The Devil Makes Three were the third act and boasted a raucous followin.  The trio cranked out punk-infused folk music, sounding a bit like if Robert Johnson went down to the crossroads and came back with a new tattoo.


Visible Voice Winter 2011 Mixtape

So, this is the first of what will be a quarterly thing on Visible Voice...the seasonal mixtape.  I plan to use these mixtapes as an opportunity to share some of my favorite new music.  Great tunes by local or not-so-local bands that you should know and, in many cases, tracks that have not been officially or widely released yet.  For this inaugural winter mix a cold, snowy Boston is my (our) backdrop and, fittingly for this time of year, many of the songs here evoke themes of reflection.  During the cold winter months I find that the music I listen to becomes increasingly spare, unadorned, raw.  These songs fit that mold; gritty and uncompromising, yet intensely beautiful.  I'm sharing this as two "sides" (think cassettes, vinyl), instead of individual mp3s, so that this might be listened to as a cohesive whole.  There will also be a limited number of physical copies available with individual tracks, please email if you'd like one.  

A huge thanks goes out to all of the bands that agreed to take part.  Please support them by buying their music and going to shows.  I hope you enjoy this as much as I have putting it together -- and please share!

Side A
1. You Are Not My Love - Wooden Dinosaur
2. I'll Be Fooled Again - Twain
3. Great Move North - Faces On Film
4. Wither on the Vine, pt. 2 - The Old Ceremony
5. Wolves of Winter - Lonesome Lake


Side B
1. Dancing On Your Tears - Hands and Knees
2. Long Time - Guards
3. Sweeties Babies - Push Pals
4. Say What You Will - Joe Fletcher & The Wrong Reasons
5. Crooked Road Blues - Mount Peru




First half recap: my favorite albums of 2010, so far

It's already June, and that means it's time to take step back and take stock of the new music that has come out so far this year.  Force ranking art is completely arbitrary - records impact me differently each time I listen to them, so how can I fairly rank one against another?  Therefore, I've decided not to do that.  Instead, consider this a list of records that are well worth checking out, in no particular order.

Wooden Dinosaur - Nearly Lost Stars

Nearly Lost Stars from Vermont's Wooden Dinosaur is hands down my favorite discovery of 2010 (so far).  These are rustic, plain-spoken and often heartbreaking songs of love and loss.  Roberts' fingerpicked acoustic guitar and weathered vocals are the constants, but shuffling percussion, banjo, fiddle, lap steel, horns and the occasional electric guitar add layers of sound.  The result is an absolutely beautiful record that deserves to be heard by the masses.  Buy it here, and tell your friends.

Wooden Dinosaur - Can't Be Me


Dr. Dog - Shame, Shame

Dr. Dog continue to put out consistently great records, and Shame, Shame is no exception.  Like Fate before it, Shame, Shame shows the polish of a maturing band, and features a steady dose of bouncy folk-pop grooves.  Shadow People, Jackie Wants A Black Eye, Mirror Mirror and Stranger are standouts, but the entire record is fantastic - this has rarely left my car CD player since I got it.  Get it here.

Dr. Dog - Shadow People

Full soundboard recording of Dr. Dog's recent show at the Paradise in Boston available for stream/download here (newly remastered).


 Spoon - Transference

I love it when a band follows up a commercially successful record with a bit of a curveball - a challenge to the new fans.  Don't get me wrong, Ga Ga Ga Ga Ga is a fantastic record from start to finish - but Transference trades in the sugar-sweet Stax hooks and Spector-ish production for decidedly less-accessible influences; twisted rythms and wiry Tom Verlaine-esque guitar leads.  Still, it's unmistakably a Spoon record - driving percussion, gritty guitars and devestating grooves.  Get it here.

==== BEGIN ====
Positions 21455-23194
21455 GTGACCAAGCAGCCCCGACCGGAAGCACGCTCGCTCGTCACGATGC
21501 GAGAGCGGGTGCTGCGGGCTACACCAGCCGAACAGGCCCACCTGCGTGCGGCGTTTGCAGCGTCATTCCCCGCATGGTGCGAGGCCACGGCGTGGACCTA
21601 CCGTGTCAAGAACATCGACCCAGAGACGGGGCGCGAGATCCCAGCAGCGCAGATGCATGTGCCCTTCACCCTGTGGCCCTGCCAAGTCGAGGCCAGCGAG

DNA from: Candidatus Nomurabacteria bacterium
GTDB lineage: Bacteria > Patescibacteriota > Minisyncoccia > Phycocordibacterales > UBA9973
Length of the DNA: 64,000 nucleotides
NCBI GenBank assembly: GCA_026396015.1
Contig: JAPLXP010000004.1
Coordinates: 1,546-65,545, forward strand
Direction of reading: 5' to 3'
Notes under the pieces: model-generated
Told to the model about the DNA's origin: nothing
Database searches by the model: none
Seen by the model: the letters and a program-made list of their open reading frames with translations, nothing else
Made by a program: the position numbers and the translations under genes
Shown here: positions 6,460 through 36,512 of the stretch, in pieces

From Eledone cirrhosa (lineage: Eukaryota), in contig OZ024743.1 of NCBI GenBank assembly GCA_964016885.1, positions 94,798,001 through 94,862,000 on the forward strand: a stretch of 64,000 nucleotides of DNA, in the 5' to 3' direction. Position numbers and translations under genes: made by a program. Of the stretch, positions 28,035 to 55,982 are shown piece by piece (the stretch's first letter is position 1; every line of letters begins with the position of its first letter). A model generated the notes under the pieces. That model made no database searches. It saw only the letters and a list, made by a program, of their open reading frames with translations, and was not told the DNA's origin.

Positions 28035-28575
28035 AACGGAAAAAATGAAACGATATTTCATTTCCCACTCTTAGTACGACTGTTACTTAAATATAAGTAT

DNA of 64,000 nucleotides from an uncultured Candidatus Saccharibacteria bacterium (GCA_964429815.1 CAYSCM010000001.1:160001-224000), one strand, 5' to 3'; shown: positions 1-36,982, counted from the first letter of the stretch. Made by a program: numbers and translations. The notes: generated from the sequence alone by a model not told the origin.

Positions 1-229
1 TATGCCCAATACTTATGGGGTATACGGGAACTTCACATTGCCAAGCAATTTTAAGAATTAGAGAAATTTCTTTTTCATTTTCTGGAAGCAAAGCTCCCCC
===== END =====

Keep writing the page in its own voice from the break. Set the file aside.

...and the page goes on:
Spoon - I Saw The Light


Josh Ritter - So Runs The World Away

I consider Josh Ritter one of the most important songwriters of our generation - one of few worthy of carrying on the tradition of Dylan, Springsteen, et al.  2007's The Historical Conquests of Josh Ritter, probably the most "fun" and upbeat record in the Ritter catalogue, seemed a bit like a bit of a breather after the epic Animal YearsSo Runs The World Away is a return to the cinematic storytelling and intricate compositions that made the Animal Years an incredible and moving record.  Buy it here.

Josh Ritter - Southern Pacifica


Titus Andronicus - The Monitor

The Monitor has been positioned as a loose concept album based around the Civil War, complete with marching drums and readings of period-era speeches.  However, the Civil War pretense seems to only shift focus from the real story - this is a deeply personal account of a defeated man returning to the home he once wanted to escape.  Less than a minute in Patrick Stickles sets the tone for the record, subverting the Springsteen anthem of optimism and escape, screaming "baby we were born to die!".  The result though, through fist-pumping choruses and cathartic singalongs, is rewarding and satisfying.  Get it here.

Titus Andronicus - Theme From "Cheers"


Not to be forgotten:

The National - High Violet
Kingsley Flood - Dust Windows
Joe Pug - Messenger
Crusaders of Love - Never Grow Up
The Morning Benders - Big Echo



Recommended: Wooden Dinosaur

This post has been a long time coming.  Nearly Lost Stars, the debut album from Vermont's Wooden Dinosaur, is one of my favorite albums of the year so far.  Michael Roberts' timeless lyrics are the centerpiece of these folk songs, but the band's interesting arrangements help flesh things out.  Horns, bells, banjo and strings add color to the sepia-toned fingerpicked acoustic guitar that forms the base of these songs.  Highly recommend checking this out - buy the record here, or check out more tracks on their myspace

One of many favorites from the album:

Wooden Dinosaur - Can't Be Me

The band plays All Asia in Cambridge on May 21.  Look for more on Wooden Dinosaur on visible voice soon.